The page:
Saturday, May 21, 2011

Tselikas's Flawed Study of Mar Saba 65

Another of Tselikas's assertions is plainly false. The library at Mar Saba was not properly catalogued. The librarian did not have an accurate understanding of what books were in his possession. We see this not only by the fact that an outsider - Smith - was allowed to carry out the work at this library (why would this have been allowed if there was no need for such an inventory) but also by the situation we find at other libraries.

Tselikas should know this very well given his involvement in carrying out an inventory at the Greek Patriarchate library in Alexandria. Tselikas was brought in after the librarian of the Alexandrian librarian was literally carried away in a straight jacket leaving the books disorganized and uncatalogued in a place swarming with rats and a general state of disarray. These 'libraries' can be the furthest thing from organized collections. To argue that the Voss book didn't belong at Mar Saba is simply nonsense. It reflects what can be seen as a consistent policy of the Greek Patriarchate in Jerusalem to distance itself from the discovery.

Clearly Tselikas also ignores the fact that the were once other manuscripts of Clement at Mar Saba which have long since disappeared. Perhaps the same state of affairs led to the disappearance of the original manuscript of which Mar Saba 65 is a copy.

The manuscripts in which “Quis dives salvetur” is preserved are rare, and it has generally been thought that they are only two in number, one of the eleventh century preserved in the Escurial Library in Spain (Class-mark H, III. 19), and a copy of it made in the sixteenth century, and preserved in the Vatican Library at Rome (Vat. Gr. 623).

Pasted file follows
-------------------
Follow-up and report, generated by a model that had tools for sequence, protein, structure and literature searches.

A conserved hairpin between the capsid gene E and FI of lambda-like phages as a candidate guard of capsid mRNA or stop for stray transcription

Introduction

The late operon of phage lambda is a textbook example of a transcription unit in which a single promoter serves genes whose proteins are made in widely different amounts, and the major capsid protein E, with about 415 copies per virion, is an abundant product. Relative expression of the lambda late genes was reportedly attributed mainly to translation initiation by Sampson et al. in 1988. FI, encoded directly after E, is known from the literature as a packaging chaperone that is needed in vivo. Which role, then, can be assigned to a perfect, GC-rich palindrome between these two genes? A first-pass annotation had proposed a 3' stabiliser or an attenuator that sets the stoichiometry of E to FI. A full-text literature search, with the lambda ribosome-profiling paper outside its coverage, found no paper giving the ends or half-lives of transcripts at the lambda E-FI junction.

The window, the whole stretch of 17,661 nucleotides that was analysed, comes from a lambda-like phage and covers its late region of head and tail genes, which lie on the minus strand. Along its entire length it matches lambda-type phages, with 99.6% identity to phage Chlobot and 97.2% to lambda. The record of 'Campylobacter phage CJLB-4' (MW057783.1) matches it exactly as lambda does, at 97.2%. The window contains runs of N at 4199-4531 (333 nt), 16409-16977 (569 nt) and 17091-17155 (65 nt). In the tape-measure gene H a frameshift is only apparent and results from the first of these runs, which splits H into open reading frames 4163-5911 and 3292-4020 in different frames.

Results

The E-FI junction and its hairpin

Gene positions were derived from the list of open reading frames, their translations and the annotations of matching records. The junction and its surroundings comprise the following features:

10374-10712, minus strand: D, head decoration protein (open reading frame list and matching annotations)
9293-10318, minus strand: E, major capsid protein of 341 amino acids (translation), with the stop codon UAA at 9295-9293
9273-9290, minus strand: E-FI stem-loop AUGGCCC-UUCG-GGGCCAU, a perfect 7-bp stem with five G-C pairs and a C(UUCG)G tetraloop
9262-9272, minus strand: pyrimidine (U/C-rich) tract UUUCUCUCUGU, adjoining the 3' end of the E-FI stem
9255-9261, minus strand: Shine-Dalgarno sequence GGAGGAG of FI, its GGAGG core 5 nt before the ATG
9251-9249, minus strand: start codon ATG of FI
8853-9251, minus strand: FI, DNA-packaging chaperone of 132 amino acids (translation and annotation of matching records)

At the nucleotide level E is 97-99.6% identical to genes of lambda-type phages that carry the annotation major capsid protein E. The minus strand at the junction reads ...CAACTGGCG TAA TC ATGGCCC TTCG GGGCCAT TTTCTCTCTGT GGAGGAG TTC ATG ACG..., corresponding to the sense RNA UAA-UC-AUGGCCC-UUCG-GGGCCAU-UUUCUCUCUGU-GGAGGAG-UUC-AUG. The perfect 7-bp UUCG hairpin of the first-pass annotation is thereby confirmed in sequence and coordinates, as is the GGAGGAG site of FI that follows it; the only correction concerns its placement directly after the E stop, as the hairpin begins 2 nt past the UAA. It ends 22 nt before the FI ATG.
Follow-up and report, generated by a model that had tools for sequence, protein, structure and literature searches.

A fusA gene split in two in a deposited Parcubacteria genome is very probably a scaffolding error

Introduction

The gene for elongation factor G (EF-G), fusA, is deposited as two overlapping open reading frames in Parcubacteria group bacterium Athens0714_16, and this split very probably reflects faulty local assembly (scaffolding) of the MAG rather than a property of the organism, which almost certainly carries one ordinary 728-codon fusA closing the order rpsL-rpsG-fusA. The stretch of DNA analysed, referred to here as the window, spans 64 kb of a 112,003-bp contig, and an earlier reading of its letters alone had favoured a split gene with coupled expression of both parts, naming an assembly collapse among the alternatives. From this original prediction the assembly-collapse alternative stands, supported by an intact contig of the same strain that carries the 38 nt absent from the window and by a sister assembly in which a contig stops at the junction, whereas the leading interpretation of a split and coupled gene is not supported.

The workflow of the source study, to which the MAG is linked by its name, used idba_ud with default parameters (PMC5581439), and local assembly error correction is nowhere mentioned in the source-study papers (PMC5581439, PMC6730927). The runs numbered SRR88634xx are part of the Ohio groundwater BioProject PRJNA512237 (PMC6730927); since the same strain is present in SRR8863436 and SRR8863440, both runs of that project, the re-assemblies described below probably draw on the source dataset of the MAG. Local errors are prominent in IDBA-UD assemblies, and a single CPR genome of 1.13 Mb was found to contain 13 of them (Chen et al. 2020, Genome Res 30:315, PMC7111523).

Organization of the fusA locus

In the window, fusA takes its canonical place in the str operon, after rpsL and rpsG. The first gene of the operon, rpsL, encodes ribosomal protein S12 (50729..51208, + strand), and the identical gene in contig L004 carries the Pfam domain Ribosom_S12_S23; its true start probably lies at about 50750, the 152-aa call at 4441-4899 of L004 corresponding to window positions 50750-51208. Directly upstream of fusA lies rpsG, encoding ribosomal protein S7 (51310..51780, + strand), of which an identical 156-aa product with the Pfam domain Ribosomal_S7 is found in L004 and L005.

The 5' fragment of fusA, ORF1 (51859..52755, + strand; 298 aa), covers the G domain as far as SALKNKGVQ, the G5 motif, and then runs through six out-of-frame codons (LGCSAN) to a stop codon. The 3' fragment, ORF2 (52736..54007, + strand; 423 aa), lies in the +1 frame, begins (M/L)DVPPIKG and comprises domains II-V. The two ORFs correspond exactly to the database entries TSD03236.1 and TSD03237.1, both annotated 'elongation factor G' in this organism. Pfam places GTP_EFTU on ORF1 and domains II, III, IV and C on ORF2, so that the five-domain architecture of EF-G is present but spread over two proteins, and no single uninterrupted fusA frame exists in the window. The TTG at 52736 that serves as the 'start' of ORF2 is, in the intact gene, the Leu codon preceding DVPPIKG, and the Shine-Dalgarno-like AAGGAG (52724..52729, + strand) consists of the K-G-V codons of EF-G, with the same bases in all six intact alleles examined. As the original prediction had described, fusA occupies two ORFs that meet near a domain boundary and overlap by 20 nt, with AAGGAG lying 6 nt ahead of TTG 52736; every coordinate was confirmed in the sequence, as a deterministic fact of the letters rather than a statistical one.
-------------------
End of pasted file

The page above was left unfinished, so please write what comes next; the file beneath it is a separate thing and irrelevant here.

In fact, there was another copy, a ninth century copy of Quis dives salvetur which was at Mar Saba until the mid-19th century (now listed as ms 23 of the collection of the Monastery of the Holy Cross). Interestingly, someone in Jerusalem was interested in the manuscript at the end of the 17th century, and it was copied into a manuscript now numbered as ms No. 414 of the collection of the Holy Sepulchre.

Then many of the Mar Saba manuscripts were damaged in a fire in the early years of the 18th century.

If the paleographers that Smith consulted were correct, it was only about 50 years later that the letter of Theodore was copied into the Voss edition. Again, I can't possibly fathom why it is that Tselikas ignores all this evidence to make his strange arguments in the recent BAR study. The only thing that I can surmise is that he is taking his lead from the Patriarchate itself who literally want the manuscript to disappear and with it all the interest in what it says as well.

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